“I could hardly wait to get back to St. Paul and look at it,” Urbina said. “And when he showed it to me, and I touched it, I was like, ‘This is creepy, man.’ It’s creepy in the sense that for someone like me who relishes and cherishes Golden Age design and the history that goes with them, to actually touch a map that Raynor had worked on and been a part of — you could understand my mesmerization.”
A framed copy of the map now hangs in the entryway of the clubhouse. The original smells musty, is a touch discolored and has several stains — coffee, ink or oil, maybe mud or grease — but is in remarkable condition given its age. The detail is astonishing, handmade with a special chalk. There are diagrams of an irrigation pump and pumphouse connections and, as Manthey points out, the design is so precise that the irrigation pipes are actually two lines with just the slightest gap in between, maybe a millimeter, showing that they are hollow. One corner of the back of the map says it was made by Crane & Ordway Co., a St. Paul company. Its drawing number is 1156, dated Feb. 7, 1921. It’s almost 100 years old.
“Finding this map did two things,” Manthey said. “We already knew we were a Raynor, but it cemented the fact that this was a Raynor. And now we have something physical that shows this was Raynor’s routing, which is really cool. A lot of clubs don’t have that.”
It’s believed the map was packed away somewhere in the clubhouse and moved to the maintenance facility when the new clubhouse was built in 1960. After the maintenance facility addition had been completed, someone stashed the map in the closet ceiling. The super there at that time told Manthey he doesn’t remember putting anything up there.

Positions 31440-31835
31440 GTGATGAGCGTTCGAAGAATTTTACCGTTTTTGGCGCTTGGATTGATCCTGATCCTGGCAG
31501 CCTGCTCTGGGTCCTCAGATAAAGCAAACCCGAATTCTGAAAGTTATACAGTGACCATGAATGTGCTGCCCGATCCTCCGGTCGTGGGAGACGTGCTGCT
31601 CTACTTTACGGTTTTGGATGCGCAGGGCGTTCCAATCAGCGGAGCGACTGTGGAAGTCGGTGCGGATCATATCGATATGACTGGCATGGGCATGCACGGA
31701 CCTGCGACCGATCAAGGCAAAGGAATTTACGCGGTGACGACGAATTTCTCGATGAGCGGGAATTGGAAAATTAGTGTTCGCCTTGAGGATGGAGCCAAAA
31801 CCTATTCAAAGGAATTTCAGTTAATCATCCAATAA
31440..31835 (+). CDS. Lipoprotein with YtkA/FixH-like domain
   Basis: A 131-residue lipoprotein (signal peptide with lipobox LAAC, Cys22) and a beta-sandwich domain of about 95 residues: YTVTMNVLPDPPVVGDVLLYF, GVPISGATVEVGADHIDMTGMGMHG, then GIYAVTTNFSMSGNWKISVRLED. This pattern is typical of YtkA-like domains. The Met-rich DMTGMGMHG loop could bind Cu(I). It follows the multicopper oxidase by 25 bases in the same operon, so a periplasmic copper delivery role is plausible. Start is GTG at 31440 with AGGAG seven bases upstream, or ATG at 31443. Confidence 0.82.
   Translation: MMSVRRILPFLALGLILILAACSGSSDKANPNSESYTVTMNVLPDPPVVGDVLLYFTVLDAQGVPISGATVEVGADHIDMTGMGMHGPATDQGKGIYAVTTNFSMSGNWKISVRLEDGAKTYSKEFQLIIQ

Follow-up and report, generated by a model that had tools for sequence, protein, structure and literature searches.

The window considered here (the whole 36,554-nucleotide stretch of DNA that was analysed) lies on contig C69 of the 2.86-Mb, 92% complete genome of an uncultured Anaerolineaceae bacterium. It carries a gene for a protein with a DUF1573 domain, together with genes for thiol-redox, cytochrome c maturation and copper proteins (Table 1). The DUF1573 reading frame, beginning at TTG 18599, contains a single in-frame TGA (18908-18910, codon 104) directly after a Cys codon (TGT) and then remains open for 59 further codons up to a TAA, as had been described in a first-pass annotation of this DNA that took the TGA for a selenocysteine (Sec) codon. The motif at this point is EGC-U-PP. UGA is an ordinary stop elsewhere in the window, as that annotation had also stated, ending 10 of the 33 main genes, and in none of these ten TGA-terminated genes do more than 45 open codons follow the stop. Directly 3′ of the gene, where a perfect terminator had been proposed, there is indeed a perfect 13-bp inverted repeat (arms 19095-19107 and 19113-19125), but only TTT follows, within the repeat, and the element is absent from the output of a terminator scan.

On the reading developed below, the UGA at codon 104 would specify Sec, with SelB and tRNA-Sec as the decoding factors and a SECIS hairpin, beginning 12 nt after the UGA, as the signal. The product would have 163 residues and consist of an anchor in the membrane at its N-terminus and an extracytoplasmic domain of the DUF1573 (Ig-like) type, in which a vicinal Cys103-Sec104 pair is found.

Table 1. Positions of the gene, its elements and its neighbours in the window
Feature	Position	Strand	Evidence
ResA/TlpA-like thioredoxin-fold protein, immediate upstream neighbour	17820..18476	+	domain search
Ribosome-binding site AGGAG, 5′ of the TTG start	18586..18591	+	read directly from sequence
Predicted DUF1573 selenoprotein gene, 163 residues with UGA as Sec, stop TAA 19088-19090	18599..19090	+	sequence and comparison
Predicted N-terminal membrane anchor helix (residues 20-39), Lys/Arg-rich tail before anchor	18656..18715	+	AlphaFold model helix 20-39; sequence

Finding Raynor’s map never meant the course would be rebuilt exactly as it was 100 years ago — not with a multimillion-dollar clubhouse in the way — but that was never the plan. Fifteen of the 18 holes at Midland Hills are originals, albeit with tweaks over the years. The routing changed after the new clubhouse was built in 1960. The 6th hole, a Short template, was moved and rebuilt where the old clubhouse and range were, and is now the 4th hole. The 7th and 16th that ran through the middle of the course were also removed (that’s where the driving range sits today), and new 1st and 18th holes were built.
The plan for this project was to restore what remained of Raynor’s routing and features. But the map did provide some extraordinary detail that was highly beneficial — not to mention fascinating — for Manthey and Urbina.
“We said, ‘Jim, take your knowledge of this golf course, of what the map has, and you come up with what you think would be the best golf course,'” Manthey said.
The map included locations of all the original cement hydrant connections that were located next to the greens and tees. The crew dug up three of them, and those, along with some of the original pipes found around the greens, helped confirm that the map and size of the property was to scale.